Other than the obvious issue of freshness, and previously discussed quarantine treatments, this also has an impact on climate change, because of the transport-related carbon emissions. Food transportation will also become increasingly expensive and impractical as the world’s oil supplies plateau (the “peak oil” phenomenon) and start to drop off, which according to some experts has already occurred.

6 – You can support our community to become less dependent on oil-based transport (and products) for the future
For those who haven’t heard the term “Peak Oil”, it refers to the point in time when maximum petroleum extraction is reached and extraction rates start to decline globally. Many experts claim that Peak Oil has already occurred (in 2006, according to the International Energy Agency). Whether it has already occurred, or is about to occur, we can expect petroleum shortages to drive prices higher and higher, which will impact on the cost of transporting anything and everything. There are many other aspects of the modern agricultural system that also use oil-based products and produce carbon emissions, which are eliminated or minimised through using traditional farming techniques and organic methods, as our growers do.
A big part of what Channel Living aims to do is to help our community become less dependent on oil based products and services, in preparation for a future with a lot less oil. By supporting and encouraging local food growers, we will retain and build food-growing skills locally, hence reducing dependence on transported food.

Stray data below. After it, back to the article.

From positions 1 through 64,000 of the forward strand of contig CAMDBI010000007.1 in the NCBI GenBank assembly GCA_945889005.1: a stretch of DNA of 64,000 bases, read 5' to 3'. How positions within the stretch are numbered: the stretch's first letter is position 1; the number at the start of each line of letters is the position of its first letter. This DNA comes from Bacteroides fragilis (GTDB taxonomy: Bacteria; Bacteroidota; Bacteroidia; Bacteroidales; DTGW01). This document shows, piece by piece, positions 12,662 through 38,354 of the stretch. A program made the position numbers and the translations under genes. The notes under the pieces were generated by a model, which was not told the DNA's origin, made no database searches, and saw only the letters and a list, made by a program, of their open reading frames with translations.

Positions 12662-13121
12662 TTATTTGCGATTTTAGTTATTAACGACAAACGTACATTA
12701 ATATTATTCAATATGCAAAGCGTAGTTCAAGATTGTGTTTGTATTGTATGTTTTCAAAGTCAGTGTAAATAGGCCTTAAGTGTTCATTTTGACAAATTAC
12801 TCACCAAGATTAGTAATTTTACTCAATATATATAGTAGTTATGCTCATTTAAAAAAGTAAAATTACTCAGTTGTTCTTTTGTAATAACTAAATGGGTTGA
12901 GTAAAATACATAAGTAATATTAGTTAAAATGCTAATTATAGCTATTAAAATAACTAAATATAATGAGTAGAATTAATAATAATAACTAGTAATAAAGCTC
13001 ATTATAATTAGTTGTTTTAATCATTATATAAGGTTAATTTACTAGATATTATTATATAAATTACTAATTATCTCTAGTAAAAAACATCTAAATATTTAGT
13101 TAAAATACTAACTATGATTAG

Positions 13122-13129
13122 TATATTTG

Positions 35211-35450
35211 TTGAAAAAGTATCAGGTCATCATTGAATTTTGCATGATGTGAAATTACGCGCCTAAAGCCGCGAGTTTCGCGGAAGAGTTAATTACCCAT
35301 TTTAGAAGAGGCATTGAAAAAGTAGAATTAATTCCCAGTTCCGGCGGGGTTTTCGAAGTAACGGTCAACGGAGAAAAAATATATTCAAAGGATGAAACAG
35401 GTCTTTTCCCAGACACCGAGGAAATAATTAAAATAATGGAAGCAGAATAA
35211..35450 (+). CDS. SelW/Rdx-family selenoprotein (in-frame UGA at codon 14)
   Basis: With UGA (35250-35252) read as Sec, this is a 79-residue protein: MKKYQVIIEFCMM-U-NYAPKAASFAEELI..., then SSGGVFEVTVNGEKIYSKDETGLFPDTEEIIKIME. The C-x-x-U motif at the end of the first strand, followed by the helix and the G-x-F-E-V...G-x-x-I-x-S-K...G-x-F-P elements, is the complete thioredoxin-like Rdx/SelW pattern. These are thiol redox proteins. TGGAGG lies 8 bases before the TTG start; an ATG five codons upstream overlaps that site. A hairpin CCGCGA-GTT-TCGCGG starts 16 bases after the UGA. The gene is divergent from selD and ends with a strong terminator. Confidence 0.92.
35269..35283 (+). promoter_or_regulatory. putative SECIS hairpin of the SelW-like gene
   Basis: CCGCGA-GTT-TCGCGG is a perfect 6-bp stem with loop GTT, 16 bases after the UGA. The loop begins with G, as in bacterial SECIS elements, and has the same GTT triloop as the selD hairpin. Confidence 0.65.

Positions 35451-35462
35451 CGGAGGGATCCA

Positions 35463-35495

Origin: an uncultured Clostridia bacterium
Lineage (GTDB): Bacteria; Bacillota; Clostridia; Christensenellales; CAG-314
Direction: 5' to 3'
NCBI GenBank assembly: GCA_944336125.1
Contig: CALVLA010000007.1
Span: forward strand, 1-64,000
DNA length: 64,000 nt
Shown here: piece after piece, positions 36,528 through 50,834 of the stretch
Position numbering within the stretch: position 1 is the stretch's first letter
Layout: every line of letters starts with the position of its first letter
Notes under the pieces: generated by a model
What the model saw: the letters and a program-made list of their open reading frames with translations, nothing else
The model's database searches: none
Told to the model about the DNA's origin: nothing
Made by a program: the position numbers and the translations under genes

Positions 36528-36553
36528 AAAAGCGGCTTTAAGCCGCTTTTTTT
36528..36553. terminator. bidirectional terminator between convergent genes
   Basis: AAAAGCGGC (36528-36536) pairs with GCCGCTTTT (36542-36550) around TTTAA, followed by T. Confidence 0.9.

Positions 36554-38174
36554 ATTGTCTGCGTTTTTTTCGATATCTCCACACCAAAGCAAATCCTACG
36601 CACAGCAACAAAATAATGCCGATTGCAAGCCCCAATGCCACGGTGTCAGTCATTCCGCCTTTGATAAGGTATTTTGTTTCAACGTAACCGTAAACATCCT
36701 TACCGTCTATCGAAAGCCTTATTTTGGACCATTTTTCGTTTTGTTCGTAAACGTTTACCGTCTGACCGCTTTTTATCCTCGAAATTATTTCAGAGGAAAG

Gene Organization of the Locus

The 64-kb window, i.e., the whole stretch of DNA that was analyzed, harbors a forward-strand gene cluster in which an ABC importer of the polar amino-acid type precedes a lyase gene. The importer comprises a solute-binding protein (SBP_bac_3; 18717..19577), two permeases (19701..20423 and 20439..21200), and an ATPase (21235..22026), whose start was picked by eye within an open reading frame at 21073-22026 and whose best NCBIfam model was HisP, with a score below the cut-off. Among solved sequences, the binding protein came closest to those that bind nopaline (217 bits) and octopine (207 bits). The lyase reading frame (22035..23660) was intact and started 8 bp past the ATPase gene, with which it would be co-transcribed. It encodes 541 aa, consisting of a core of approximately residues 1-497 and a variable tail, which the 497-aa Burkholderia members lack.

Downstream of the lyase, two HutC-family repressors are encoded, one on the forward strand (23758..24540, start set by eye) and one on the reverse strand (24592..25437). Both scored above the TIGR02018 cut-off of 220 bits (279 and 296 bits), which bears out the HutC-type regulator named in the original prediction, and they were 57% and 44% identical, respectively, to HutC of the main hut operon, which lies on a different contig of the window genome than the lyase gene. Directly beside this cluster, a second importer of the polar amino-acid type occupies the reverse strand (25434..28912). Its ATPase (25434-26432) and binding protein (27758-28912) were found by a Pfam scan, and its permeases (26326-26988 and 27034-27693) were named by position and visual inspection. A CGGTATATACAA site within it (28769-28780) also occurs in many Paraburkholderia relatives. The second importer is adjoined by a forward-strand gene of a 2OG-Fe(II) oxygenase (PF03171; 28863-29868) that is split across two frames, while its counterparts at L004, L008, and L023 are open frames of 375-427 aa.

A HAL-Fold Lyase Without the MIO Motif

Peak Oil Tasmania (peakoiltas.org) is a group of concerned citizens who formed with a view to “help Tasmanians understand these issues and to show that, with optimism, creativity and decisive action, we can not only overcome this challenge but create a healthier, more sustainable society at the same time”.

7 – You are supporting the local economy and employment
This benefit of buying locally grown food is probably the most obvious, superficially. But why is supporting local economy and employment better than supporting the same elsewhere? Economist Michael Shuman argues that by supporting locally owned businesses, we can reduce the negative effects of capital mobility and the inequality created by corporate power. He also stresses that spending money locally has a “stimulus effect”, contributing two to four times the economic benefits of spending money outside of the community.